I remember the first time I used heroin very vividly. It was the end of September in 2011. To provide some context, what I shared about happening with my brother in the last blog post had happened several months earlier in probably May or June. Over the course of that summer I started drinking more heavily, using other substances and getting into ‘chems’ (also known as E, MDMA, K- any kind of chemical drug). I also became a regular smoker. During that time, the people I associated with completely changed. I was no longer the girl who was class president and getting good grades, I was now the girl hanging out with older guys, trying new drugs, leaving home and getting into trouble.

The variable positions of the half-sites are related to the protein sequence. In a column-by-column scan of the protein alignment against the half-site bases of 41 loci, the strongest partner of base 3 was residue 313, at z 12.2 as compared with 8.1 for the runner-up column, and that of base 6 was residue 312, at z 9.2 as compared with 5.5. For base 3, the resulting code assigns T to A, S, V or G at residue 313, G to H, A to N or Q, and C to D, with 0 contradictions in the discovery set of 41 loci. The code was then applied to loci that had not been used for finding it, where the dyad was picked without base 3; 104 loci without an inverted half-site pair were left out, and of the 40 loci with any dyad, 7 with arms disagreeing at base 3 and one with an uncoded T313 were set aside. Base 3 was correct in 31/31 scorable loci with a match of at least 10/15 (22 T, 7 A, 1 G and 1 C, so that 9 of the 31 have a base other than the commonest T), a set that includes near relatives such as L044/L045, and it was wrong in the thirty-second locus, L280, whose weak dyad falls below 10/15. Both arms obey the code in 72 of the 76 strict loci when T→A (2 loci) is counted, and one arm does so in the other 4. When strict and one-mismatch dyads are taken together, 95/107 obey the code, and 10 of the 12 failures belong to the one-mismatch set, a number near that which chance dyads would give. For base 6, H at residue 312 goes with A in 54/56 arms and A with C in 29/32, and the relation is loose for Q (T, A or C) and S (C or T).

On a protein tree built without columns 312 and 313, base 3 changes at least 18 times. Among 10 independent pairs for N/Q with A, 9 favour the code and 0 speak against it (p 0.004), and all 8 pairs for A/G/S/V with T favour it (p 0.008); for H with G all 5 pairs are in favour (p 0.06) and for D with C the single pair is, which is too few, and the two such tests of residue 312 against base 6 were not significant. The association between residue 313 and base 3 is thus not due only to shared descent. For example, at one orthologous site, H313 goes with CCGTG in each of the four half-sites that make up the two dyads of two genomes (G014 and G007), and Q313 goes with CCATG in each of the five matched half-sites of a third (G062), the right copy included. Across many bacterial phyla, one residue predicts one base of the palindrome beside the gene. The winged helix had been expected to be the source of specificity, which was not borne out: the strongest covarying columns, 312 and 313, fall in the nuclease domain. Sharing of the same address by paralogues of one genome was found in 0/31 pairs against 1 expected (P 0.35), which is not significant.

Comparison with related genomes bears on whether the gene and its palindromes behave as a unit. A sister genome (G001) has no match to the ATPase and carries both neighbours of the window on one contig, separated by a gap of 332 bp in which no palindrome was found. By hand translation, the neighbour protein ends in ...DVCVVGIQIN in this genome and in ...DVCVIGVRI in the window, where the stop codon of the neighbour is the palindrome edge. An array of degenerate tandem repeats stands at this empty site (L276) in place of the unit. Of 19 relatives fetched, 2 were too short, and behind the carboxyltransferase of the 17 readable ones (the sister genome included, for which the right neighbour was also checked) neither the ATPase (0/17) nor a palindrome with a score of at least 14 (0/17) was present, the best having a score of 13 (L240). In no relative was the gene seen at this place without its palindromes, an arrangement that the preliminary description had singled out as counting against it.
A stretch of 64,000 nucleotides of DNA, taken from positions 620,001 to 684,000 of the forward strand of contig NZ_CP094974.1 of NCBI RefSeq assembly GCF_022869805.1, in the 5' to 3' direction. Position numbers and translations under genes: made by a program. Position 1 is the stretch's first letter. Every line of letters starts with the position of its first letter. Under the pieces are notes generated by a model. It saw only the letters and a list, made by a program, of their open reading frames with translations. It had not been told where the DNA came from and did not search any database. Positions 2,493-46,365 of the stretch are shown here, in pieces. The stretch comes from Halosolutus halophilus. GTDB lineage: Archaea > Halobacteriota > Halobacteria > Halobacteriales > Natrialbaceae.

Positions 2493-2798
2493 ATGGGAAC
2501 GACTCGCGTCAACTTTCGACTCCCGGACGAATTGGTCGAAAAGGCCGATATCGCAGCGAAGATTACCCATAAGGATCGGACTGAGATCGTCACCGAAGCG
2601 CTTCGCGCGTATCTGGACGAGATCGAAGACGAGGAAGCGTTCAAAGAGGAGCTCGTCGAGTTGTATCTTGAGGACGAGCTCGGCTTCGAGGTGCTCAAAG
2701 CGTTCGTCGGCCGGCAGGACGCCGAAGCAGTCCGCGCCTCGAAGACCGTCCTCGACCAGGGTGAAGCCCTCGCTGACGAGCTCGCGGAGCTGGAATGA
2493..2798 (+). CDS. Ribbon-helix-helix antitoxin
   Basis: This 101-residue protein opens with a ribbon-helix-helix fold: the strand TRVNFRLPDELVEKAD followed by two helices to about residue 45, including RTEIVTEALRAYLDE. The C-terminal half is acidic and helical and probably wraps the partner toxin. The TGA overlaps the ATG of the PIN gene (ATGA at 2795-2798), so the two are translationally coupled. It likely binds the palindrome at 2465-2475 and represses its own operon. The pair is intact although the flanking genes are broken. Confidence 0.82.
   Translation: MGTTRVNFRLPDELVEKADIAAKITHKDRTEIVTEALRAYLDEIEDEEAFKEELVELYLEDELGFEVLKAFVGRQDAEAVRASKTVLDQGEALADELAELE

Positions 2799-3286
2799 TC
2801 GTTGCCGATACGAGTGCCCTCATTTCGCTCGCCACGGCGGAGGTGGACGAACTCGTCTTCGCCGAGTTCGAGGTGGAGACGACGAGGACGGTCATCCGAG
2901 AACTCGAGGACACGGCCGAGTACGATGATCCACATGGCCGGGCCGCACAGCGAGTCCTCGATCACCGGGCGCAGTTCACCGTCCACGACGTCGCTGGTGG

Over the course of this summer, there was a time I was trying to buy a pack of cigarettes. A common occurrence; however, in the beginning of that August, at one convenience store I went to, it turned out that the clerk didn’t want my money. He was only interested in something else. He said he knew I was clearly underage and refused to sell to me but said that if I came to the back with him, there were no cameras there and I would be able to get a few packs from him. Looking back, part of me can’t believe how naïve I was; however, back then, I wasn’t working with the same knowledge I have now. I hadn’t been hurt nearly as much back then as I have been now and, although I had already been through a lot, hadn’t had years’ worth of familiarity as to what to look for in predators. I genuinely thought that I was going to get a pack of cigarettes, as plenty of people had sold to me underage before, I didn’t see why this time should be any different. When we got to the back, he pushed me in first and I hit my head, then he shut the door and the room went dark. He assaulted me in the back of his convenience store. Probably 20-30 minutes later, I was able to leave when I heard the door jingle, and someone came in. He pulled away from me and once I was able to breathe, I ran. There’s more to this story, but this isn’t what this blog is about- we’re getting there.